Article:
Turnagain Pass RSS

ARCHIVED - Forecasts expire after 24 hours.
Fri, March 18th, 2016 - 7:00AM
Sat, March 19th, 2016 - 7:00AM
Aleph Johnston-Bloom
Avalanche risk The Bottom Line

The avalanche danger is  MODERATE  in the mid elevation band between 1000′-3000′ where glide cracks continue to release naturally and without warning. In the Alpine, a generally  LOW  avalanche danger exists, but due to the glide problem below terrain choices remain limited. Chose your routes wisely to avoid glide cracks, and be on the lookout for changing conditions that could raise the danger in the alpine.  

*If you are headed to the Summit Lake area don’t forget to check  Summit Lake Summary, and click  HERE  for a recent observation of glide activity in that area.  

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Fri, March 18th, 2016
Above 2,500'
1 - Low
Avalanche risk
2 - Moderate
Avalanche risk
Below Treeline
Below 1,000'
0 - No Rating
Avalanche risk
0 - No Rating
1 - Low
2 - Moderate
3 - Considerable
4 - High
5 - Extreme
Avalanche risk Avalanche risk Avalanche risk Avalanche risk Avalanche risk
Travel Advice Generally safe avalanche conditions. Watch for unstable snow on isolated terrain features. Heightened avalanche conditions on specific terrain features. Evaluate snow and terrain carefully; identify features of concern. Dangerous avalanche conditions. Careful snowpack evaluation, cautious route-finding, and conservative decision-making essential. Very dangerous avalanche conditions. Travel in avalanche terrain not recommended. Extraordinarily dangerous avalanche conditions. Avoid all avalanche terrain.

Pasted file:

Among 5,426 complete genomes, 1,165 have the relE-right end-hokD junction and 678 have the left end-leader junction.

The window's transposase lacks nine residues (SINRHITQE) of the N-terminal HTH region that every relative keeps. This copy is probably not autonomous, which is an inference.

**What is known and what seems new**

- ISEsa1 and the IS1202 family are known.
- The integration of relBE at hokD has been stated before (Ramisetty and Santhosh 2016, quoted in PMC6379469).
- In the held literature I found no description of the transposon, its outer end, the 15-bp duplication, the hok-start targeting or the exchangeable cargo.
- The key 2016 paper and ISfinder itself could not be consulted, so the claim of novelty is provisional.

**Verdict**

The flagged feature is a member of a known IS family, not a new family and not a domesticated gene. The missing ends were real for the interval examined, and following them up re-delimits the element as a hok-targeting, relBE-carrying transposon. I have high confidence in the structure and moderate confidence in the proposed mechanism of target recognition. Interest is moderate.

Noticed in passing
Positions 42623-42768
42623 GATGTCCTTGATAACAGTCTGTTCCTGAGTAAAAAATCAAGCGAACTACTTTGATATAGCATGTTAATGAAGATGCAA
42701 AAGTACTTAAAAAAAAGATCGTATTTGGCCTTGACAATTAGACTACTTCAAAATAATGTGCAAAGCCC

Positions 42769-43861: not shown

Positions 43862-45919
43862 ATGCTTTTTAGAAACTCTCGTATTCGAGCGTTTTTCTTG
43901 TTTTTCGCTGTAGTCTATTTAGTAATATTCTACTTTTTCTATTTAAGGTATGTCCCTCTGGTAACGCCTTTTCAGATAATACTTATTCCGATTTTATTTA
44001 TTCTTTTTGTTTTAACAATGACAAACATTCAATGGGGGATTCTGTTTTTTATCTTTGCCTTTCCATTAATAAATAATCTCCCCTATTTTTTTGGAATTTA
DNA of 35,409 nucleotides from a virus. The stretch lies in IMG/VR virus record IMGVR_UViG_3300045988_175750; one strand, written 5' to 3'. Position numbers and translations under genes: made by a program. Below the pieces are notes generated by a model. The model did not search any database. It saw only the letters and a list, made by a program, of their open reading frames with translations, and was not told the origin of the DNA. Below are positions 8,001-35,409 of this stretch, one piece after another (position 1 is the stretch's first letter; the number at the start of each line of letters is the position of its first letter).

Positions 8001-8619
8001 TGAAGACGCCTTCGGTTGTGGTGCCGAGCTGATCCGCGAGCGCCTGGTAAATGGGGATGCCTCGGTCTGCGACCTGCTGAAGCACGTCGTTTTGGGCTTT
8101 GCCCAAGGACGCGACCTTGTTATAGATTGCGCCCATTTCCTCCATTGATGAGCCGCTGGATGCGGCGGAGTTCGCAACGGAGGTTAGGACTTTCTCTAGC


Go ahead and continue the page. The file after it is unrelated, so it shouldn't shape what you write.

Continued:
Likelihood of Avalanches Natural and human-triggered avalanches unlikely. Natural avalanches unlikely; human-triggered avalanches possible. Natural avalanches possible; human-triggered avalanches likely. Natural avalanches likely; human-triggered avalanches very likely. Natural and human-triggered avalanches certain.
Avalanche Size and Distribution Small avalanches in isolated areas or extreme terrain. Small avalanches in specific areas; or large avalanches in isolated areas. Small avalanches in many areas; or large avalanches in specific areas; or very large avalanches in isolated areas. Large avalanches in many areas; or very large avalanches in specific areas. Very large avalanches in many areas.
Avalanche Problem 1
  • Glide Avalanches
    Glide Avalanches
Glide Avalanches